What do you do when you find out someone else is using your name to sell products or services? Send a cease and desist notice? Sue for trademark infringement? So is the case of POM Wonderful, LLC [“POM Wonderful”] v. Robert G. HUBBARD, Jr., DBA Portland Bottling Company, DBA Pur Beverages [“Pur”]. Pur Beverages began selling its pomegranate flavored energy drink using the word pom. POM Wonderful took exception. POM Wonderful filed a trademark infringement claim against Pur Beverages seeking to stop the use of the word pom in association with Pur Beverages energy drink. POM Wonderful sought an injunction. The trial court denied the preliminary injunction. The appeals court remanded the case back to the trial court to reconsider the issues.
When issuing a preliminary injunction, the court looks at the likelihood of prevailing on the trademark infringement claim. Here is a listing of factors considered by the appeals court:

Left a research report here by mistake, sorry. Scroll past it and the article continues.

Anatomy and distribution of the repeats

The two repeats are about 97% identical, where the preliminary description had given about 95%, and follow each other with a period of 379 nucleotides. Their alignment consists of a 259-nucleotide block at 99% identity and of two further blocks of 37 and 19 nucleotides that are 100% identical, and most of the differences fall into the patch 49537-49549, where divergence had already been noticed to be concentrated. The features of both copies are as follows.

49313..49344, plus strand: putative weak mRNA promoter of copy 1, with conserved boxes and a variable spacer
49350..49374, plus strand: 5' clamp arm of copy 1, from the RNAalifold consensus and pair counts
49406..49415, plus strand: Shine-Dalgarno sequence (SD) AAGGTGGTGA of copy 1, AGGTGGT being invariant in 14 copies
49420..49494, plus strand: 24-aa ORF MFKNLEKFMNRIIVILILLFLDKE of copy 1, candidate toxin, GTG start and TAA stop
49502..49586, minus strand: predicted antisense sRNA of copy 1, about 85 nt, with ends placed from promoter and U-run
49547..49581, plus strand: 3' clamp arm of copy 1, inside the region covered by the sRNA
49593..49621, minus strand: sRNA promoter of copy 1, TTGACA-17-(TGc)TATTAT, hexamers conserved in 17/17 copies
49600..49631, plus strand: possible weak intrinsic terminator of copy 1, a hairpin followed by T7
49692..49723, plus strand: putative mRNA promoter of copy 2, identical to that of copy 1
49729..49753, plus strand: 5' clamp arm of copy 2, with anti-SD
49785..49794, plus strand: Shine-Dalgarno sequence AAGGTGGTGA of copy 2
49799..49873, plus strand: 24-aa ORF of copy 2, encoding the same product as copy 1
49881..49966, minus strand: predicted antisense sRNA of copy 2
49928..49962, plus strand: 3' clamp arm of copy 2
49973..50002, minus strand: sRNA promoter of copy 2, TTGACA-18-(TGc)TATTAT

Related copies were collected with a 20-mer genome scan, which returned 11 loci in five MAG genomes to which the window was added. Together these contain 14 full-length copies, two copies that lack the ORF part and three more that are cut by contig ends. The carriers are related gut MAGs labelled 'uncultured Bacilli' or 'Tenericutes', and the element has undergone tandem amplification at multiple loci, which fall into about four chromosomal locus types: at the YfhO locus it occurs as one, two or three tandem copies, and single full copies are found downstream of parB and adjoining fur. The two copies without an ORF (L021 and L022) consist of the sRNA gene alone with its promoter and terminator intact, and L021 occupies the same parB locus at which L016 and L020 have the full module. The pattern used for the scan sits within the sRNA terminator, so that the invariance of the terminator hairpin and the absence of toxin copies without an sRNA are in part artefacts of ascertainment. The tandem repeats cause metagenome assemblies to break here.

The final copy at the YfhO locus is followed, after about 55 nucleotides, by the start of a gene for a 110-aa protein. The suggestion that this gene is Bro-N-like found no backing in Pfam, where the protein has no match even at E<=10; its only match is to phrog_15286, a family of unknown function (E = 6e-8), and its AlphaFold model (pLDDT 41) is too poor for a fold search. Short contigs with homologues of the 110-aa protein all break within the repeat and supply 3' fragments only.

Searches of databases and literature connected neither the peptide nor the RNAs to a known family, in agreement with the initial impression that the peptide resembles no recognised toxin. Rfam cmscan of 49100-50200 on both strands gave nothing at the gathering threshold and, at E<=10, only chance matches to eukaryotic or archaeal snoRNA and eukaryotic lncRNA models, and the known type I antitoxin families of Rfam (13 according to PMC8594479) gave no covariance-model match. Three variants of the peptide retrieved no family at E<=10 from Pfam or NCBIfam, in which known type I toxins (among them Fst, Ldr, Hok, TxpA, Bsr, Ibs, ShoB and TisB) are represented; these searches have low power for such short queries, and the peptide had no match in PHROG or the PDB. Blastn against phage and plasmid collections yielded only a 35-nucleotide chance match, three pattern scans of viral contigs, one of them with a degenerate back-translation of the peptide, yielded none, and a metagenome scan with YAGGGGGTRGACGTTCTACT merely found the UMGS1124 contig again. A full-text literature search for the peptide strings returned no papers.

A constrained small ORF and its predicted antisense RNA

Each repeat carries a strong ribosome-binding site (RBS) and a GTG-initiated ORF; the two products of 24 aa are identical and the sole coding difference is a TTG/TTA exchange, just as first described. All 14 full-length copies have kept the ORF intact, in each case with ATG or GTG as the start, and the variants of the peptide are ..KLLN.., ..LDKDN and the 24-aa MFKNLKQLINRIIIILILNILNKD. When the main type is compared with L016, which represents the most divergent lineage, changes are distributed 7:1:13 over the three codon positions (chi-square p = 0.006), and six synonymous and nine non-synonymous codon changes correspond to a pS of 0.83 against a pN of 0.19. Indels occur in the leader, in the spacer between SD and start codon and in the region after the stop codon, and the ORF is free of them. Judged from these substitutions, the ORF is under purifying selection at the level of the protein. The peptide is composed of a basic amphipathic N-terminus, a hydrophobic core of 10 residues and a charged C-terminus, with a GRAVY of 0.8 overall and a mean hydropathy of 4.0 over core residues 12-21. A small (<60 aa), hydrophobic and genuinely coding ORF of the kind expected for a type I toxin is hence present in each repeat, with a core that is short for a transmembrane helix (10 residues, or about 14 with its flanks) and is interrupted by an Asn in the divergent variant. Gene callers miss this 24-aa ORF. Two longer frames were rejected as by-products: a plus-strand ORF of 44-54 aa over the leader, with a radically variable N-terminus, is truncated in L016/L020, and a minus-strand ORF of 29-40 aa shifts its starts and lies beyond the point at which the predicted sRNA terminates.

1. trademark interest
2. likelihood of confusion
3. strength of trademark
4. the relatedness between goods or services
5. consumer care
6. similarities of the marks
7. marketing channels
8. actual confusion, intent, and expansion
When examining whether a trademark infringement is present all factors are considered. Not all factors have to present and no one factor is determinative if a trademark infringement is present.
If you see, someone else using your marks take a moment to evaluate the factors. It is not a deductive reasoning process. In the POM Wonderful case it required to 2 courts. And, we still don’t know the answer.